We recently had the opportunity to see an updated version of The Bard's Tale in action at Gen Con Indy 2004. In the game, you play as the wisecracking, cynical bard who begins the game alone and with only one magical talent--the unimpressive ability to summon a rat. But the bard, who has a full set of role-playing-game-style attributes and gains experience levels after defeating his enemies in battle, learns a set of powerful new songs and gains the ability to recruit an increasingly larger party of summoned followers.
One of the new areas we visited was the besieged town of Dounby, which gets overrun by a sect of vengeful, hooded druids. The druids aren't especially big fans of the bard and blast him and his companions with energy bolts and a snaring spell that immobilizes its target. In this and other battles, we saw that it's possible to simply summon tough allies and let them bear the brunt of the attack, especially if your bard has a bow, which can be used to pick off enemies from a distance.
This isn't always an option, especially in tight areas like a later-game multilevel dungeon inhabited by walking tree-people. Since you'll eventually gain the ability to have as many as five different followers in your group at a time (and many more from which to choose, including a rogue character that uses dual poisoned daggers, a healer, and two kinds of heavy-duty fighters), choosing a good party configuration will be a key part of your strategy. However, since these party members are summoned by sorcery, if they fall in battle, they can be resummoned later simply by singing their particular songs again at a cost of mana.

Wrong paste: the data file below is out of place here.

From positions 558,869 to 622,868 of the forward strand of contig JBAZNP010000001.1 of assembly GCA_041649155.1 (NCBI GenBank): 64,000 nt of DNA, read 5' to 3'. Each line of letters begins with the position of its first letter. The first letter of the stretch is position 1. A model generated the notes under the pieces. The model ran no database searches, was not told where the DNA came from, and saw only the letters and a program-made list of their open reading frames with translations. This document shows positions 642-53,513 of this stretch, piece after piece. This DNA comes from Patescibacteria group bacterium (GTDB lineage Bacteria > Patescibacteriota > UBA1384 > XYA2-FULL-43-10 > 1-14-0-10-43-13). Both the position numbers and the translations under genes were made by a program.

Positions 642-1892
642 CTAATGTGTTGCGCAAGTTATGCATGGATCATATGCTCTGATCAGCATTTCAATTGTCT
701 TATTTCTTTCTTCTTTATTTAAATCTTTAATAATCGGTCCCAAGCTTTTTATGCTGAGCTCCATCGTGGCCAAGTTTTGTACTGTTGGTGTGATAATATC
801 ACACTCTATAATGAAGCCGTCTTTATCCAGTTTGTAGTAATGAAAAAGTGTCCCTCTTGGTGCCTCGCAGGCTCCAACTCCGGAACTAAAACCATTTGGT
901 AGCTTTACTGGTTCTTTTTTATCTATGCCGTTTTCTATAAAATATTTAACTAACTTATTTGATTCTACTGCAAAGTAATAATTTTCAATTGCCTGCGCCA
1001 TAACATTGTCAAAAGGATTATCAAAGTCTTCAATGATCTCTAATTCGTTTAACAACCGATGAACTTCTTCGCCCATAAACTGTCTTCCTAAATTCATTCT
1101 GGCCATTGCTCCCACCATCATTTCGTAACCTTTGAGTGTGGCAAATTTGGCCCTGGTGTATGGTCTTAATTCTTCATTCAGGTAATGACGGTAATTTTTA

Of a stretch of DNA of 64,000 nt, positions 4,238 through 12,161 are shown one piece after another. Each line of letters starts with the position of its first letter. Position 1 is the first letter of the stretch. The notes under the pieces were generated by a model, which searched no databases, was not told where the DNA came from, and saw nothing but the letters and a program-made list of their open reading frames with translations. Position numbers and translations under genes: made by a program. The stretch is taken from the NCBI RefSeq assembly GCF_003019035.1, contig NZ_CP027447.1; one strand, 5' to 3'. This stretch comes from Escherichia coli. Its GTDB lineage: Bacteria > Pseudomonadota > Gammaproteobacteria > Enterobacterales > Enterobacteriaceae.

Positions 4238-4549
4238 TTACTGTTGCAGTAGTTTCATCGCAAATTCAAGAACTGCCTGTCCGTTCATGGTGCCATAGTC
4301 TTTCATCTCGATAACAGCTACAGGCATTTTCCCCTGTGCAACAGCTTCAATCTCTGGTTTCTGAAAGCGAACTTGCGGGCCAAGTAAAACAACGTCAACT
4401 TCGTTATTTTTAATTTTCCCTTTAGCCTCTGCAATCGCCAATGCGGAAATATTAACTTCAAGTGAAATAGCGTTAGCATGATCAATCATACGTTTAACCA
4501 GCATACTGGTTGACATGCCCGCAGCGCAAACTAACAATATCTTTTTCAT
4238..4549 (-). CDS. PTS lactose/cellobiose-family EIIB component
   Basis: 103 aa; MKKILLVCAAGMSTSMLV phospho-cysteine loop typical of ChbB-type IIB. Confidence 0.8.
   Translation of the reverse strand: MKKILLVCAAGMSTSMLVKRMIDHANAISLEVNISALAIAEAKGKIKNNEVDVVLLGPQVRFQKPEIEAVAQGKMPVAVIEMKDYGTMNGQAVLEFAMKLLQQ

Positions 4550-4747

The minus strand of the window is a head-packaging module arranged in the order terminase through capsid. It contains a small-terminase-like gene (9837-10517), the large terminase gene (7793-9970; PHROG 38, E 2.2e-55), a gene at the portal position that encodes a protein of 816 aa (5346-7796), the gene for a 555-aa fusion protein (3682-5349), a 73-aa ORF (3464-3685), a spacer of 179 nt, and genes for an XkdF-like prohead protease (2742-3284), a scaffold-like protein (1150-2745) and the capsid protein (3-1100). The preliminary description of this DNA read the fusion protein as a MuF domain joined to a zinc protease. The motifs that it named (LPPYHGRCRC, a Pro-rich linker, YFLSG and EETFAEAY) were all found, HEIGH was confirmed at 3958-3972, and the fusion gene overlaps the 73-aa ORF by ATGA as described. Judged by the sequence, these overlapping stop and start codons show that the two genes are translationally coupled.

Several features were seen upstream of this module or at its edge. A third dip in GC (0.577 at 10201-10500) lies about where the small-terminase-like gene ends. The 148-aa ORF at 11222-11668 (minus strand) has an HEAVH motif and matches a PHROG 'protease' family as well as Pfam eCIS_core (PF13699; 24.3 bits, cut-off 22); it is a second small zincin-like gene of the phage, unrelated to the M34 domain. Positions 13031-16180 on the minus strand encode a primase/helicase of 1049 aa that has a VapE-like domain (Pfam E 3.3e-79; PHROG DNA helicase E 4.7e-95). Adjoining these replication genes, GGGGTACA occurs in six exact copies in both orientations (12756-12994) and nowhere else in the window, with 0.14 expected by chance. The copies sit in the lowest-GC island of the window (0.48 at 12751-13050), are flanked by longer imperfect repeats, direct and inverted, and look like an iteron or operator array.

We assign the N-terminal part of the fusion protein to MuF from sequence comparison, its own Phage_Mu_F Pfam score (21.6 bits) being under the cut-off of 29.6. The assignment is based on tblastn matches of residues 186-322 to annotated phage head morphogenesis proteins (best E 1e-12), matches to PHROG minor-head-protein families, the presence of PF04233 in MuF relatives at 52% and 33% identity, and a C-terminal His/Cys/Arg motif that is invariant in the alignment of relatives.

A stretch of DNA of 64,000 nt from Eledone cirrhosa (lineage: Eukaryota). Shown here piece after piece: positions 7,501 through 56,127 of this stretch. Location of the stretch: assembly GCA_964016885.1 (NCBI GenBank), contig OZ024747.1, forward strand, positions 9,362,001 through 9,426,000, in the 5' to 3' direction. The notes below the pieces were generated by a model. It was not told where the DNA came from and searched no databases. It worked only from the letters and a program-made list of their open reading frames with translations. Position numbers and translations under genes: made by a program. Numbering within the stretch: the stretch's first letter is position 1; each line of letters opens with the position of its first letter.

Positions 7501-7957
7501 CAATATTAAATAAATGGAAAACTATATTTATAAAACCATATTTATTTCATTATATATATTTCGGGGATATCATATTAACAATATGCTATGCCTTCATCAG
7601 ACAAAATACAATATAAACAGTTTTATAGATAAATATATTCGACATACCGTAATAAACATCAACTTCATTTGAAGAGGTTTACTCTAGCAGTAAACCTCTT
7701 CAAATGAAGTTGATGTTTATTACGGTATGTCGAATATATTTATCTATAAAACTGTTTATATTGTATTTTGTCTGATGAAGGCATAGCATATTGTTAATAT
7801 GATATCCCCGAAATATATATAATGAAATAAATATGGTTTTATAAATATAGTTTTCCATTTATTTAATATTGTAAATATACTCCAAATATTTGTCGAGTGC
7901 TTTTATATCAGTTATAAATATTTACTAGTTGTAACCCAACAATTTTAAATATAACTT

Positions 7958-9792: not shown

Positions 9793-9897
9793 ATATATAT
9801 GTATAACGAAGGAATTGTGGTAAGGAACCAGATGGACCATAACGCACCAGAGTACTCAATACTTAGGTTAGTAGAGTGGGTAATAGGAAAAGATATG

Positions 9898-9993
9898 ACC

Of course, one of the most distinctive features in this upcoming game is its irreverent humor--specifically, how the game takes so many role-playing game conventions and ridicules them thoroughly. The example we saw was of a "metal mouth" (known as a "magic mouth" in the original Bard's Tale)--a gigantic pair of moving lips mounted on a steel door that require you to answer a riddle before you can pass. Unfortunately for the metal mouth we encountered, it wasn't able to consistently make the lines of its mystic riddle rhyme consistently, which caused the bard to rib it mercilessly. The flustered metal mouth forgot the eldritch magics that powered it and exchanged a few huffy remarks with the bard before allowing him entrance. You can expect to see plenty of other gags like this one in the final game, which, if what we've seen is any indication, will offer plenty of hack-and-slash action and plenty of goofy gags. The Bard's Tale is scheduled for release on the PS2 and the Xbox later this year and for the PC next year.